Therefore whatever the COCs say applies equally to ticket paid for with cold hard cash or with miles.

    Now you won’t find many airlines that will willingly tell you that. You will find a number of airlines that will tell you the opposite but that is what the contract you have with the airline says. If they fail to abide by this they will lose in court.

    What this means is that if a flight is cancelled, or there is a schedule change or all the other things can happen you have to be treated the same.

    For example I had 4 seats SFO-CDG-EVN on AF. AF changed the non daily leg into EVN and so we misconnected. No problem. DL gets AF on the line, there are seats (any seat will do) on the day we need and they rebook us. This is NOT an accommodation. Once you have a confirmed ticket or reservation (either not both) then it is the airlines responsibility to get you to your destination according to the COCs.

    Most COCs have very specific language about exactly what their obligations are and some have been watered down over the years but every one I’ve seen obligates them to give you a seat if there is one in your class of service (ie cabin) regardless of fare category.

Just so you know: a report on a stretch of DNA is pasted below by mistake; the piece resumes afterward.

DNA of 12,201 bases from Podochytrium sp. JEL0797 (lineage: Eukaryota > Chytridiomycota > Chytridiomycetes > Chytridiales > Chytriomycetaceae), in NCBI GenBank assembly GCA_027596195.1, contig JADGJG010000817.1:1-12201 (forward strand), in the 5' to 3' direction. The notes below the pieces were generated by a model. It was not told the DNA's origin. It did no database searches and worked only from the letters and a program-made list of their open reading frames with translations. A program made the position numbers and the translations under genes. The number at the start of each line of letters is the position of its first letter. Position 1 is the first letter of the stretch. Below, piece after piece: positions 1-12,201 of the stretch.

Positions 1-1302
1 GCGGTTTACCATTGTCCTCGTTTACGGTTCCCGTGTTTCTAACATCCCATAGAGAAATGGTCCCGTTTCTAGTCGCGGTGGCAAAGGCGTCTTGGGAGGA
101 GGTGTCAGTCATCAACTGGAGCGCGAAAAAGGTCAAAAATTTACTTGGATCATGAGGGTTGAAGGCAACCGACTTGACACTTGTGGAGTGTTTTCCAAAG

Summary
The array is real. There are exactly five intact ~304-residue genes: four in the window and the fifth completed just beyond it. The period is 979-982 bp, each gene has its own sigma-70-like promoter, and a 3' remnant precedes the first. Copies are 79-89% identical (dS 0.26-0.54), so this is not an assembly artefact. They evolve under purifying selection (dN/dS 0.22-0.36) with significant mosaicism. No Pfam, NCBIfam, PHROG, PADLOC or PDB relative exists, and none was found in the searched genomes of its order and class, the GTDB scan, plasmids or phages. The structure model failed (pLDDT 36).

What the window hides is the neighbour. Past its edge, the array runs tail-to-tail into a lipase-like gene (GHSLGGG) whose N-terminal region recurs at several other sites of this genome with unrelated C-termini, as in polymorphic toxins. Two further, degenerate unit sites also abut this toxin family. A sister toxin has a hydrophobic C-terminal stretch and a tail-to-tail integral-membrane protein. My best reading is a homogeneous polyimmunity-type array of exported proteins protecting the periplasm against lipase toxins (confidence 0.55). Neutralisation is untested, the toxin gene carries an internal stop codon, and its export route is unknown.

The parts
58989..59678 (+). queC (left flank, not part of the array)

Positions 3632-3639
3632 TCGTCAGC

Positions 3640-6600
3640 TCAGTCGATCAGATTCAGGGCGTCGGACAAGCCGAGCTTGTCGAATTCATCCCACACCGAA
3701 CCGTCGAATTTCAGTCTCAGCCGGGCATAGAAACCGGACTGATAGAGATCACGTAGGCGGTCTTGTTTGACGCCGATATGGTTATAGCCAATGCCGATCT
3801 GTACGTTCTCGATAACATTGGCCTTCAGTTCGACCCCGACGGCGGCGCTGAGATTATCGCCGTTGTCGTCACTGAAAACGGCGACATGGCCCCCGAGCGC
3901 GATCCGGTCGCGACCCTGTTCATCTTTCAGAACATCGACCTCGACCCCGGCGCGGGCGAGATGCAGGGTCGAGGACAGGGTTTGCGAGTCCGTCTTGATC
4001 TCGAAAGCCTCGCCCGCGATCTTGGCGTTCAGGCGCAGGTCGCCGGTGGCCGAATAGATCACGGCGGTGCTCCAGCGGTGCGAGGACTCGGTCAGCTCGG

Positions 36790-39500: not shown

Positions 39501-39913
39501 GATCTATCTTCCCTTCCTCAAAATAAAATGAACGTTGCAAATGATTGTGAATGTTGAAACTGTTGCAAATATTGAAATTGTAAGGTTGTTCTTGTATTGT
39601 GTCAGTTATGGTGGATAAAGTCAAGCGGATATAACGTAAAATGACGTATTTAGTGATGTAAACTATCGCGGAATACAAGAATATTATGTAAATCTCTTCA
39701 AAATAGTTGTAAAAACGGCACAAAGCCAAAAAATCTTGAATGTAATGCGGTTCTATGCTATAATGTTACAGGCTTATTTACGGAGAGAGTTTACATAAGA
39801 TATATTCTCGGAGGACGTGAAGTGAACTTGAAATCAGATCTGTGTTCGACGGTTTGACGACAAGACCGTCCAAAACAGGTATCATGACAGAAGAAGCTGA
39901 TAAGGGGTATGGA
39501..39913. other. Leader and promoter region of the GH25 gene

That airlines are not required to do this is simply incorrect and the result of the fact that some (UA is the worst) steadfast refuse to do so. Time after time when taken to court UA loses, pays up and continues with the practice. My take is that when even FF experts who write blogs don’t know the rules then pretty much no one does so its far cheaper to just refuse to honor their contract and pay up once in a while to the very few travelers who don’t know what the agreement they have with the airline really says.

    You have a ticket. Just like when you buy the cheapest coach when there is a problem they don’t insist that the same fare bucket is available or you can’t go they cannot do so when your flight was paid for with miles. Some airlines do so and do so as a matter or routine when challenged they often back down and when they don’t they lose in court.

    Just read the COCs. They are your agreement with the airline. Understand them and you will know exactly where you stand.

  21. Justin got it right. If you are holding a ticket from A to B in business class the airline legally must transport you from A to B in business class (not counting some very narrow exceptions).